13. Five Frightening Facts from The Sixth Extinction by Elizabeth Kolbert @ My Book Strings
"In geologic time, words like “recent” or “quick” often mean thousands of years. But when these words are applied to our future, “soon” really means “soon,” and that’s frightening. Need proof? Here are some examples..."

If Ralph Ellison’s invisible man had no voice thirty years before the publication of The Color Purple, then Walker has located in Celie a person whose presence is even less acknowledged by society: the black, poor lesbian. - See more at: http://www.bibliofreak.net/2015/08/review-color-purple-alice-walker.html#sthash.oLGdy4Y1.dpuf
If Ralph Ellison’s invisible man had no voice thirty years before the publication of The Color Purple, then Walker has located in Celie a person whose presence is even less acknowledged by society: the black, poor lesbian. - See more at: http://www.bibliofreak.net/2015/08/review-color-purple-alice-walker.html#sthash.oLGdy4Y1.dpuf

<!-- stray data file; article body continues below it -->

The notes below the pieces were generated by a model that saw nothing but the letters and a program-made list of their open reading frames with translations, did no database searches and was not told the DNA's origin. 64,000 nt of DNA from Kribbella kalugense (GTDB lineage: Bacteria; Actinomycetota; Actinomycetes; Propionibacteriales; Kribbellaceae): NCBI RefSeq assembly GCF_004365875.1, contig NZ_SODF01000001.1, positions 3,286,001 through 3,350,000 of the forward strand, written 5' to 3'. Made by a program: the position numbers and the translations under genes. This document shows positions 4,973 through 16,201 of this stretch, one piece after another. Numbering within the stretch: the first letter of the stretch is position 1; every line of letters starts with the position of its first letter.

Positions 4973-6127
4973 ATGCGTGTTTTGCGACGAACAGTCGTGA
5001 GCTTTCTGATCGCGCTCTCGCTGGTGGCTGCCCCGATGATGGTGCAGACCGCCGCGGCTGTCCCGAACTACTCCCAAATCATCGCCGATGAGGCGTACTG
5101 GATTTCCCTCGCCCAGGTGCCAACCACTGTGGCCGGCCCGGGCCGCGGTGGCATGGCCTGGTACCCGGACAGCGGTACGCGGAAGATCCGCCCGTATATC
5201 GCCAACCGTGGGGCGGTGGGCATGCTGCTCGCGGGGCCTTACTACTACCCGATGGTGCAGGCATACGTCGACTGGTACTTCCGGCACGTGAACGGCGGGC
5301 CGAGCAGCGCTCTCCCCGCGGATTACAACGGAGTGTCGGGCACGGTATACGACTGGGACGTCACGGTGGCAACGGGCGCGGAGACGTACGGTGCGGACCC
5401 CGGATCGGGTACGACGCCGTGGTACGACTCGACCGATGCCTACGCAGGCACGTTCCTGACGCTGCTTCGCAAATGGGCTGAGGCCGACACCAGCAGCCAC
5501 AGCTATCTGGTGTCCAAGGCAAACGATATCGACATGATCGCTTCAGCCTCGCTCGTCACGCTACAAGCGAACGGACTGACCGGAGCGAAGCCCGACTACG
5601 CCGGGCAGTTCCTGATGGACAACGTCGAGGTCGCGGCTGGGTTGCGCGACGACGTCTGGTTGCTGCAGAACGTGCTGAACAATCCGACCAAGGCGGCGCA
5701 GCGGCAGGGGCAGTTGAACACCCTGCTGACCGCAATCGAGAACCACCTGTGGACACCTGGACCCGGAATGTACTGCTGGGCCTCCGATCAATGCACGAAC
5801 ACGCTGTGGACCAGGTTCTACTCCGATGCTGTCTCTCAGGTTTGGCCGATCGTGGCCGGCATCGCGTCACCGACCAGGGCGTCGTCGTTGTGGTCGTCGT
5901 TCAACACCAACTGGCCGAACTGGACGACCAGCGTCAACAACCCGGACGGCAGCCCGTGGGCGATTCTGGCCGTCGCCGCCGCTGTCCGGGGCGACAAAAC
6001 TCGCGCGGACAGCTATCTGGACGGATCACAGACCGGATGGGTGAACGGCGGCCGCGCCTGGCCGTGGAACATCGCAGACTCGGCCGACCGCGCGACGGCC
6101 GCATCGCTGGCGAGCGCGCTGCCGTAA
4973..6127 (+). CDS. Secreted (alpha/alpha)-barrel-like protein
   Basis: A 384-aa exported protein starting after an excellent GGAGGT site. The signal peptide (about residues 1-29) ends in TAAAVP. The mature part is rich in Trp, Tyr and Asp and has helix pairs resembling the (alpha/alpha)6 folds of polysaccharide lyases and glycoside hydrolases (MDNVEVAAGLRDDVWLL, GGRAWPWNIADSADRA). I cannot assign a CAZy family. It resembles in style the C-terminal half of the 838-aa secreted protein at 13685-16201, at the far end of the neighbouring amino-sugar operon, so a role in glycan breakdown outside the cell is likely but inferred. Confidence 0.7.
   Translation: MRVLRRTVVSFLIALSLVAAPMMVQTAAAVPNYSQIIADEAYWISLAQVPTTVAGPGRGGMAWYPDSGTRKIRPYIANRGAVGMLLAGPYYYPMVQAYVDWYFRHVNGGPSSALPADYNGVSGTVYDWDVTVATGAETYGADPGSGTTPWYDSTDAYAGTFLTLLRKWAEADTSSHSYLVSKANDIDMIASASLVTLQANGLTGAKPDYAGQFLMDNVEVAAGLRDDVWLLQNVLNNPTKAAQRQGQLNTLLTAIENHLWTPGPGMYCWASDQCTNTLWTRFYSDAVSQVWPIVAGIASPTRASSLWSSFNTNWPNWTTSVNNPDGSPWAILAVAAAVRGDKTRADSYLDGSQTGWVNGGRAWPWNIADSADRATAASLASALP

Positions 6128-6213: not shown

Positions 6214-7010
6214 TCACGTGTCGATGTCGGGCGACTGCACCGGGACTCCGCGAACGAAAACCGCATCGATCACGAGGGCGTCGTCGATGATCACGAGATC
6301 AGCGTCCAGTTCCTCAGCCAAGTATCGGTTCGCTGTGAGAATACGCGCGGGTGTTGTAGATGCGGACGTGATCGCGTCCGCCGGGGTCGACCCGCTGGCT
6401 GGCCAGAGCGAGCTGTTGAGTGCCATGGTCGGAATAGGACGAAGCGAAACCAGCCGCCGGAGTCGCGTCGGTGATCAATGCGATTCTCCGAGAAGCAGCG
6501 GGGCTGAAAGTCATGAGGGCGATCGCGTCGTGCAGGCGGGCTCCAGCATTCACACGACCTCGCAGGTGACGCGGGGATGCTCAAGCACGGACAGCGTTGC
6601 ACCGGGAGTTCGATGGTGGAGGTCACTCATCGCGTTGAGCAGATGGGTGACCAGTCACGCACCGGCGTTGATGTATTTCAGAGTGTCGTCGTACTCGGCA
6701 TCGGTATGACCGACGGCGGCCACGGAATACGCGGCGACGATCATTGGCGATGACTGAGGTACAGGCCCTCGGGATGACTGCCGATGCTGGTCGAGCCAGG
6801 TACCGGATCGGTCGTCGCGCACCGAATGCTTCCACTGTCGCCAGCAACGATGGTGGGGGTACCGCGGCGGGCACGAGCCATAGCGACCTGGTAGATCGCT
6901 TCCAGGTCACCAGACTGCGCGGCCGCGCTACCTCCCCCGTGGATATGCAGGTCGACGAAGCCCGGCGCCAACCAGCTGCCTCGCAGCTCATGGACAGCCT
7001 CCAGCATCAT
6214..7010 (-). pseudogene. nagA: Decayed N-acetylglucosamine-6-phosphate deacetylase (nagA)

1. Teaching My Children to Think for Themselves @ Lit and Life

2. Grimms' Fairy Tales @ True Book Addict

3. Fahrenheit 451 by Ray Bradbury @ Quixotic Magpie

4. Nonfiction Books for Banned Books Week @ Doing Dewey


1. How I Will Improve Goodreads When I Rule the World @ Paper Fury (Spoiler: She reads all of our minds.)

2. It turns out I can kinda deal with Romance. Occasionally. @ The Broke and the Bookish

3. Interview: A conversation with Juliette Wells for 200th Anniversary of Emma @ Savvy Verse and Wit

4. #SupervillainSquad: Spoilsport @ Readers in Wonderland


#15in31 October Event
@ Estella's Revenge

The Little Princess Read Along
for October

blogging, planning, blog ahead
October Blog Ahead